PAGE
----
How do you define success? Is your success measured by:

  • Achieving a milestone?
  • Relationships with others?
  • Reaching a certain financial threshold?
  • Purchasing certain things you never thought you’d be able to have?
  • Who is on your speed dial?

Success can be defined in a variety of ways. Ask just about anyone for their definition of success and they will likely tell you something that reflects their values and the importance they place on that value.

One of the early personal development experts I studied was a man named Earl Nightingale. He defined success as “the progression toward a worthy goal.” That is pretty straightforward, don’t you think?

If we take Nightingale’s definition, we can then apply it to any goal or goals we choose. To me, there are two key words in his definition: progression and worthy.

Progression, or making progress, assumes one is moving forward rather than moving backward (otherwise, it would be regression). Progress can be made by small steps. There really isn’t anyone who can be considered an “overnight success.” I’ve heard people who have been given that accolade humbly reply, “It took me twenty years to become an overnight success.”

Slow, steady, intentional progress toward some point down the road is the key to becoming successful in any endeavor. Small differences over time create a big difference; this approach is known as the compound effect. It’s not very exciting. Watching money in a bank earn compound interest is about as exciting as watching concrete dry. Yet, when the concrete does dry, it provides us a stable surface, so in the end, the process it goes through has a positive outcome.

“Worthy” is the next key word in Nightingale’s definition of success. What is worthy? It means something (or someone) has importance, value or merit. Of course, what is worthy to one person may not be as important or valuable to another person. So, the idea of “what is worthy” is very much a personal decision.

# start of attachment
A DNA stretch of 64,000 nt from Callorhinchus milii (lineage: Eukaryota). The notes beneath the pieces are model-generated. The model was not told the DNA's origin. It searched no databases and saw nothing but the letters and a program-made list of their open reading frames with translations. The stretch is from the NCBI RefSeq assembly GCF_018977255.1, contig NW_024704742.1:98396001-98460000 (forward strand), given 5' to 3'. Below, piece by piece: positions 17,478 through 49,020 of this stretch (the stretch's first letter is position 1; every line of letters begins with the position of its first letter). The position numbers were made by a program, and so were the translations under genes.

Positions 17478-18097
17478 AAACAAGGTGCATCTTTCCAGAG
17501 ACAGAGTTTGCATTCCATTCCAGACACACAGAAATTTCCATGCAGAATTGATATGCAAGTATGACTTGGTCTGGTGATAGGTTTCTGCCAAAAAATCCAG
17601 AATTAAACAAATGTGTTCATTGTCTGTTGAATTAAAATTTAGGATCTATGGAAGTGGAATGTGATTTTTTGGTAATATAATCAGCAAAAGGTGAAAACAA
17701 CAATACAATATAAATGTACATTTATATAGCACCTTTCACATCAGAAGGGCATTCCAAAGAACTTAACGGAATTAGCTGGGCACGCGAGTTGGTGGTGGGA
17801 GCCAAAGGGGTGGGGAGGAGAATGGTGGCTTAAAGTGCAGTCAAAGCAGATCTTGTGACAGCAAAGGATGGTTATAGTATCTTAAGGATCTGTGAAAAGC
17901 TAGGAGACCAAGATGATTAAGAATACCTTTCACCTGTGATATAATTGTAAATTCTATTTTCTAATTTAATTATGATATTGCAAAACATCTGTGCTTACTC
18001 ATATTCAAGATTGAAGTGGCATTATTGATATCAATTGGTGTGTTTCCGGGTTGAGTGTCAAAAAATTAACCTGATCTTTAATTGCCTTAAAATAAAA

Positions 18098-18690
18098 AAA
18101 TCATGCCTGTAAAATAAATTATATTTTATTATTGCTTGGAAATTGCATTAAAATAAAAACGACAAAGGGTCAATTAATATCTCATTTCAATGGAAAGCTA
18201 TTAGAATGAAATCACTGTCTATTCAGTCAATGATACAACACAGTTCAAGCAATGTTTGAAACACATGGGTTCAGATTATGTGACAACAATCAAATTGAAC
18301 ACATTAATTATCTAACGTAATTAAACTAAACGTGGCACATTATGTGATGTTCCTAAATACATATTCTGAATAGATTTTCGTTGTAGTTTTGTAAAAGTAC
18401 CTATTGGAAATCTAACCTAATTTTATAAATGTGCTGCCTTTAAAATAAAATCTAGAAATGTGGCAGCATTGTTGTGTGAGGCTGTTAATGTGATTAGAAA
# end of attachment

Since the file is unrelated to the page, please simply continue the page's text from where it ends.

Given that it is a personal decision, I hope you would define worthy as something of value to not only yourself, but to others as well. At its core, leadership is about influence. You’ve heard me say everything rises and falls on leadership. You also know that if you call yourself a leader, yet turn around and have no one following you, you are just taking a solitary walk.

Pursuing a goal that is of worth to us gives us the passion, persistence and diligence we need to overcome obstacles. It provides us the fuel to continue at a task or in a job that may be challenging. If you are missing some of the passion or find yourself procrastinating, ask whether you have lost sight of the goal. Perhaps you have forgotten the purpose you had for establishing the goal in the first place or are questioning its fundamental value.

This is where intentionality comes in – if you do not intentionally remind yourself of the goal or how the goal ties into your overall purpose or a greater vision, you are likely just plodding along. Sadly, there is little excitement in plodding.

Strong leaders are drivers; they are decisive and action-oriented. Plodding isn’t a part of their active vocabulary.

It is estimated that only 5% of the global population ever achieves unusual success. The rest of the general population, unfortunately, sees average performance and plodding progress as good enough. If, however, you could influence a small percentage of these people, to come along side as you progress towards goal they find value in pursuing, what could the outcome be? Think about that for a moment.

Progression implies intentionality. Progression implies growth. So my question for you today is: “What are you doing to intentionally grow or progress in your leadership?” If you don’t have an immediate answer to this, it means there is no current intentionality to your growth. That can change if you want it to.

The bottom line is if you are not moving forward, (making progress with intentionality), the world is passing you by. If you want to improve your life, your family, your leadership, your financial condition, your influence, or anything else, you need to first work on improving yourself.

What is the best way to do that? Glad you asked! Give me a call, and let’s talk about how you can begin on a path to make progress toward a worthy set of goals to improve your leadership.

I promise, I won’t waste your time.

Best regards,